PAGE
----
"The provision at issue is clearly a penalty and bears no relation to training costs at all. If defendant breached the contract on the very first day, plaintiff's cost to train him would have been almost nothing, yet defendant would be liable to pay plaintiff the full $50,000 under the liquidated damages provision. If defendant breached the contract on the last day, he would have been fully trained by plaintiff over the course of two years, yet he would be liable to pay plaintiff only $2,083 (or less) under the liquidated damages provision. Thus, the liquidated damages provision bears an inverse relation to the costs of training defendant--the more training he receives, the less he must pay under the provision. Accordingly, we find it to be a penalty clause and a mechanism designed to secure defendant's performance of the contract." Id. at 860-61.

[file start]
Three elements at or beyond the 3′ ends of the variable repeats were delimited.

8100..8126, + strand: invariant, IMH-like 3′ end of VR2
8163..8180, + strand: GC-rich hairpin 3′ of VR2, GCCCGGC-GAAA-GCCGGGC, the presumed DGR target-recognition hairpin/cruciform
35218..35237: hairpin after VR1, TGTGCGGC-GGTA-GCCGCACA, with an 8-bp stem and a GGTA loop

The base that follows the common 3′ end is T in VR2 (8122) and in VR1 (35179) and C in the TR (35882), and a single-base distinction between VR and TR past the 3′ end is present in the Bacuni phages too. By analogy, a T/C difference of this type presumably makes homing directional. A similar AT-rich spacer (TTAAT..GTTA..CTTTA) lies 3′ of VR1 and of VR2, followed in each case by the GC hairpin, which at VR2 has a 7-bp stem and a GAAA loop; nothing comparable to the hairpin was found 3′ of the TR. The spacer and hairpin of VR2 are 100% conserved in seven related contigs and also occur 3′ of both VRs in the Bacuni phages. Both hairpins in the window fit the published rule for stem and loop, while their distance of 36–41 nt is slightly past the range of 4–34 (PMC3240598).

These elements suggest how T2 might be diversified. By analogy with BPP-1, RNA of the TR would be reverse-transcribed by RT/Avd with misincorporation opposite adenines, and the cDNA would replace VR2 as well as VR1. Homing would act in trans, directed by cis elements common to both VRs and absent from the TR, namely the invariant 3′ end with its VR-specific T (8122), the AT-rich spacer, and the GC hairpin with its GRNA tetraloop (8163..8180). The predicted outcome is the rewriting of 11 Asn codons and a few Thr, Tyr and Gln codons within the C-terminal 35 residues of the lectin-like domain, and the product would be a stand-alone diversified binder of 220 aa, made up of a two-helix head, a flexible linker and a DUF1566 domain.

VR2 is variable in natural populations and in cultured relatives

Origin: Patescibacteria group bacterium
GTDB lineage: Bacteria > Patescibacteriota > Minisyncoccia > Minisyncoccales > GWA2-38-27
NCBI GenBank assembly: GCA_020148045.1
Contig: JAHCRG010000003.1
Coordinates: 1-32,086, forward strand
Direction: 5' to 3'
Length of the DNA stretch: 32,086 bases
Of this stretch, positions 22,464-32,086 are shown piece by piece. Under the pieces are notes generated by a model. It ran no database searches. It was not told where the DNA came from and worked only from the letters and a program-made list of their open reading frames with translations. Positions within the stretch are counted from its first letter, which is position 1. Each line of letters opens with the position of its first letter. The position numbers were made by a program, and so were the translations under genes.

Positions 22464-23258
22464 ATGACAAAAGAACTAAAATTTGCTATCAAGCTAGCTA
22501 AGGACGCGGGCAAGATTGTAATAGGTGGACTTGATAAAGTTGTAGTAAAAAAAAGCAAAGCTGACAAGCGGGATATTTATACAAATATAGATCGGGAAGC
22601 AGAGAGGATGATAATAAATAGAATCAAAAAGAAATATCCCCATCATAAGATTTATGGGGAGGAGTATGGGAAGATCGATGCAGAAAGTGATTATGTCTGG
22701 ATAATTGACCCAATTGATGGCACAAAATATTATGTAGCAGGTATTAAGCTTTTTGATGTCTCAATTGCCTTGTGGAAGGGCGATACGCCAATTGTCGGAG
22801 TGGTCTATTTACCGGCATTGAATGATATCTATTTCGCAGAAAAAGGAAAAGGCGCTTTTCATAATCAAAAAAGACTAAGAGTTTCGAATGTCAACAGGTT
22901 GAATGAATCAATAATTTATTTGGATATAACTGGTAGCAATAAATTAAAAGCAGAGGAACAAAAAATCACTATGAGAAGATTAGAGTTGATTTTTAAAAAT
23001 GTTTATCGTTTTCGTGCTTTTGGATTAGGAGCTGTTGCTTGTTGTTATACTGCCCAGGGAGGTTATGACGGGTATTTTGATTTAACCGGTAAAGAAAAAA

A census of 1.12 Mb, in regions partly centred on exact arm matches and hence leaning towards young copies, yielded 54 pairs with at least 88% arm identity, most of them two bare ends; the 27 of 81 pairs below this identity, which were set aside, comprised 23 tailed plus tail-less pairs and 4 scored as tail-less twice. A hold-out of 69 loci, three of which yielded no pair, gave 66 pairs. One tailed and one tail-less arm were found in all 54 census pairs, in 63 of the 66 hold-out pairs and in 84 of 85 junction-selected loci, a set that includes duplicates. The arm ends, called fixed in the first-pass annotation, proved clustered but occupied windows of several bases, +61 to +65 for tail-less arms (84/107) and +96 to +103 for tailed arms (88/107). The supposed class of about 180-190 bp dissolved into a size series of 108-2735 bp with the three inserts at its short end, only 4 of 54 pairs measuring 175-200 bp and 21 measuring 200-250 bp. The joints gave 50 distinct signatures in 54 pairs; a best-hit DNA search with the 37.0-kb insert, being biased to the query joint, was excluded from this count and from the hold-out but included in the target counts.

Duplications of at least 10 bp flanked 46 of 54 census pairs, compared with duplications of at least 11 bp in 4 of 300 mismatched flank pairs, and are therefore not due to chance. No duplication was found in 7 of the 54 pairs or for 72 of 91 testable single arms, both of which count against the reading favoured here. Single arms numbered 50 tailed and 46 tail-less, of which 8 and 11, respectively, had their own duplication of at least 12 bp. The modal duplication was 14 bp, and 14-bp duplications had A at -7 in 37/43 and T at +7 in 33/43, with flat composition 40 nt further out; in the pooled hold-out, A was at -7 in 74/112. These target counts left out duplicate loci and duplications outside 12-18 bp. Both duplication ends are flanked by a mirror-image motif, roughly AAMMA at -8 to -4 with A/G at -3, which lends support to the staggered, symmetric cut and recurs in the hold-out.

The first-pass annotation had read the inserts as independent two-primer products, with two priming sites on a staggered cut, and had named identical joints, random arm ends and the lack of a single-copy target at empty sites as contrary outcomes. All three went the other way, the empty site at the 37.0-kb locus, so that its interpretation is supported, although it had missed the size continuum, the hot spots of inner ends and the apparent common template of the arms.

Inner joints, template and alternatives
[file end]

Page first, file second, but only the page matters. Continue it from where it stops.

In Medã¹›, the liquidated damages clause could only have been a penalty to secure the defendant's performance of the two-year contract, and not, as the plaintiff argued, a means of recouping training costs. The damages amount was at its peak if the defendant breached on the first day, when very little would have been spent on training; the damages decreased the longer the employee stayed with the employer. Here, by contrast, the liquidated damages amount was clearly related to the projected actual loss, as the circuit court indicated.